Dealing with Child Constipation

Almost everyone gets constipated at some point and it’s a common condition amongst children. According to the American Academy of Pediatrics, constipation is described as a delay or difficulty experienced during defecation, is present for two or more weeks, and causes significant distress to a child.

Usually, a child who has a bowel movement fewer than three times a week (or less often than he typically does) is constipated. Additionally, they may show a combination of other symptoms:

  • Hard, dry and small stools
  • Stomach pain and bloating
  • Bleeding with bowel movements
  • Pain and difficulty during stool evacuation
  • Soiling accidents

Constipation in your child can be caused by various factors, more commonly:

  • Withholding stool because of:
    • stress over potty training
    • unwillingness to use the toilet he’s not familiar with
    • fear of a painful bathroom experience
    • Inappropriate toilet seat size – Dangling of both legs and the feeling of falling into the bowl does not allow proper relaxation of the anal sphincter required for effective stool evacuation.
  • A diet that’s low in fibre or doesn’t include enough liquids (or both).
  • Lack of physical activity.
  • Side effects of certain medications (i.e. high-dose iron supplements or narcotic pain medication).


Medical professionals do not consider stool soiling (in underwear or pants) to be a medical condition unless the child is at least 4 years old. Soiling is involuntary; the child doesn’t do it on purpose

Constipation in Babies

Normal breastfed infants may only have a bowel movement once a week. Other infants just have a slower (but normal) gut, so they don’t evacuate their bowels very often. Occasional hard stools are also very common and it doesn’t always mean your child is constipated.


If your child is constipated, these strategies may be helpful:

  • Prepare plenty of fresh fruits and vegetables (i.e. prunes, apricots, pears), high-fibre cereals, whole grain breads, and a variety of beans and other legumes. Foods containing probiotics, like yogurt, can also promote good digestive health. Omega-3 fatty acids have also been known to promote healthy bowels (i.e. sardines, walnuts, soybeans).
  • Encourage physical activity and accumulate at least 30 minutes of moderate intensity exercises a day (e.g. brisk walking, running, cycling). Younger children (infants) can get more exercise by having more ‘tummy time’ or you can help to massage their stomach. Moving the body keeps the bowels moving too.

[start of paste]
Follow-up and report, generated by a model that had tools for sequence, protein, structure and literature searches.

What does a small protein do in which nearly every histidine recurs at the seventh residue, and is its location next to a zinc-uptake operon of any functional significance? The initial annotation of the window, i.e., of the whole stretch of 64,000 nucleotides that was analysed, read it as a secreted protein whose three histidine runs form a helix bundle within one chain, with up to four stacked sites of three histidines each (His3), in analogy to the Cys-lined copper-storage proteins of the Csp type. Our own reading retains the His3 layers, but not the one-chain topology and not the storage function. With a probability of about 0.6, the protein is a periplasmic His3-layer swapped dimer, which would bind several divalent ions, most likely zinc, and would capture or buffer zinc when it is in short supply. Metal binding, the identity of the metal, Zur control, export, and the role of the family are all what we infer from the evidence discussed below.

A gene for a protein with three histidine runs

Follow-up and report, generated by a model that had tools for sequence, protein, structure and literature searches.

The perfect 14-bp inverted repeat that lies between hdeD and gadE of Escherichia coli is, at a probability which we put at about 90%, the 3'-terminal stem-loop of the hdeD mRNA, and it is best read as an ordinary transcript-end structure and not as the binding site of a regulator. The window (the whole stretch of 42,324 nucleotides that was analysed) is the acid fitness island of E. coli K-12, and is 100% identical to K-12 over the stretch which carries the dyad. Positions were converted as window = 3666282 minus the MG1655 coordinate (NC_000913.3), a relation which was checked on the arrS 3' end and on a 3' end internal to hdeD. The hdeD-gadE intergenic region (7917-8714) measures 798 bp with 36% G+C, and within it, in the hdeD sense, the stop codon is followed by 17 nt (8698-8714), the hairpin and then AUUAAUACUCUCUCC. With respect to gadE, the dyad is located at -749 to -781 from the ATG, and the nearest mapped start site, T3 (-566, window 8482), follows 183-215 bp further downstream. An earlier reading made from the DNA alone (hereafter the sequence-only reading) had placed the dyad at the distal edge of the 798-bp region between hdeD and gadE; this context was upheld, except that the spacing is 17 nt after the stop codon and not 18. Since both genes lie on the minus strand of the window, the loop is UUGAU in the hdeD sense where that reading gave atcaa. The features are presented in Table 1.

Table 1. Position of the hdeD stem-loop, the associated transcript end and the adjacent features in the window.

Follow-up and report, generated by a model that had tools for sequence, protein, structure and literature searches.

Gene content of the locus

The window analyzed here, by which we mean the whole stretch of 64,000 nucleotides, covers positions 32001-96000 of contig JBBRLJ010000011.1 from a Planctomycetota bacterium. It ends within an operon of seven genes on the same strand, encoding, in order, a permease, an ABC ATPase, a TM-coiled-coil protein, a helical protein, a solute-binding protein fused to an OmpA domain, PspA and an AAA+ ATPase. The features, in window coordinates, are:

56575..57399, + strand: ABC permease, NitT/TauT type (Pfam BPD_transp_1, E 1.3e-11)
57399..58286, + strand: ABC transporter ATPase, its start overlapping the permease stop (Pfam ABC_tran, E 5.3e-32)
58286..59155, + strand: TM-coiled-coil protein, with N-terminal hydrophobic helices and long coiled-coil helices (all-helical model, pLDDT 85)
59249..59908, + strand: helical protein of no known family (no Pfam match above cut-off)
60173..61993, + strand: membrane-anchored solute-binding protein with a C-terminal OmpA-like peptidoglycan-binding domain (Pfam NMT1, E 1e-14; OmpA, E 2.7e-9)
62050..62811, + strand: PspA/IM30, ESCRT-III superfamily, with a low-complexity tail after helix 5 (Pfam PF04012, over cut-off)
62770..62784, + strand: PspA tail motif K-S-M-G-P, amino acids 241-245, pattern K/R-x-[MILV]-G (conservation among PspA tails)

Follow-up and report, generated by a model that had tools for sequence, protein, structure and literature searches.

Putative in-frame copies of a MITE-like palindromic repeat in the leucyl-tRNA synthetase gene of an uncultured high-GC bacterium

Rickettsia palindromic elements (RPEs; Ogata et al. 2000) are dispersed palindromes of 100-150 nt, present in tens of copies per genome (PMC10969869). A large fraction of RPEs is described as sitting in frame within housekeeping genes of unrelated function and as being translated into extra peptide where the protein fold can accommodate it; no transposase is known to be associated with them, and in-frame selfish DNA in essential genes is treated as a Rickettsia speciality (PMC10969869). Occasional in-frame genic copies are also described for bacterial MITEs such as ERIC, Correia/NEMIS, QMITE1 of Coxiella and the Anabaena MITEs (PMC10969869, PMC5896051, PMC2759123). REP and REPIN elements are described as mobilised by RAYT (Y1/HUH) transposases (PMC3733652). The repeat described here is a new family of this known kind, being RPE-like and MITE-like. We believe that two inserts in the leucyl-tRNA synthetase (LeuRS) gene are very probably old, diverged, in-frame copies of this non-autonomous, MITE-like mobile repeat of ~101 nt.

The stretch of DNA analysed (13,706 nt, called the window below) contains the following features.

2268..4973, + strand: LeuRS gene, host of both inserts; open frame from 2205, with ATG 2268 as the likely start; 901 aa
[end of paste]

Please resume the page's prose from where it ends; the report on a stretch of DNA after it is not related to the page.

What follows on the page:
• Give children aged 2 to 3 years small amounts of plain water up to 1 to 2 glasses and for 4 to 18 years old, 6 to 8 glasses.


If constipation persists despite above measures, you should consult your paediatrician.

  • Your paediatrician will be able to recommend suitable medication to alleviate your child’s symptoms as there are various types of medications (e.g. laxatives, stimulants and stool lubricant) available to effectively treat constipation. With proper monitoring, these medications are safe to be used in children.
  • Toilet training is often an important component of treatment. Take the advantage of the physiological “gastro colic reflex”. This is a reflex sensation to defecate after having main meals. Encourage your child to sit on an appropriately sized toilet bowl or potty after each main meal while you supervise. The aim of this strategy is to promote regular bowel opening habits. They may be apprehensive at first, but combining it with a bit of distraction and reward strategy (e.g. use “star chart”), it will work eventually in the majority of children.

Two Birds, One Stone

A healthy and balanced diet also helps improve digestive health, provides optimum nutrition, maintain weight and increases your child’s overall health whilst hampering onset of non-communicable diseases (i.e. heart disease, obesity, and kidney failure).

Fortunately, chronic constipation secondary to significant medical conditions (e.g. Short-segment Hisrchprung disease, Hypothyroidism, Hypercalcaemia and Colonic dysmotility) are rarely encountered.

Nevertheless, babies and young children can’t always explain what they’re feeling, so no matter what the symptoms or complications are, if you’re worried about your child’s condition, don’t wait – contact your doctor immediately.

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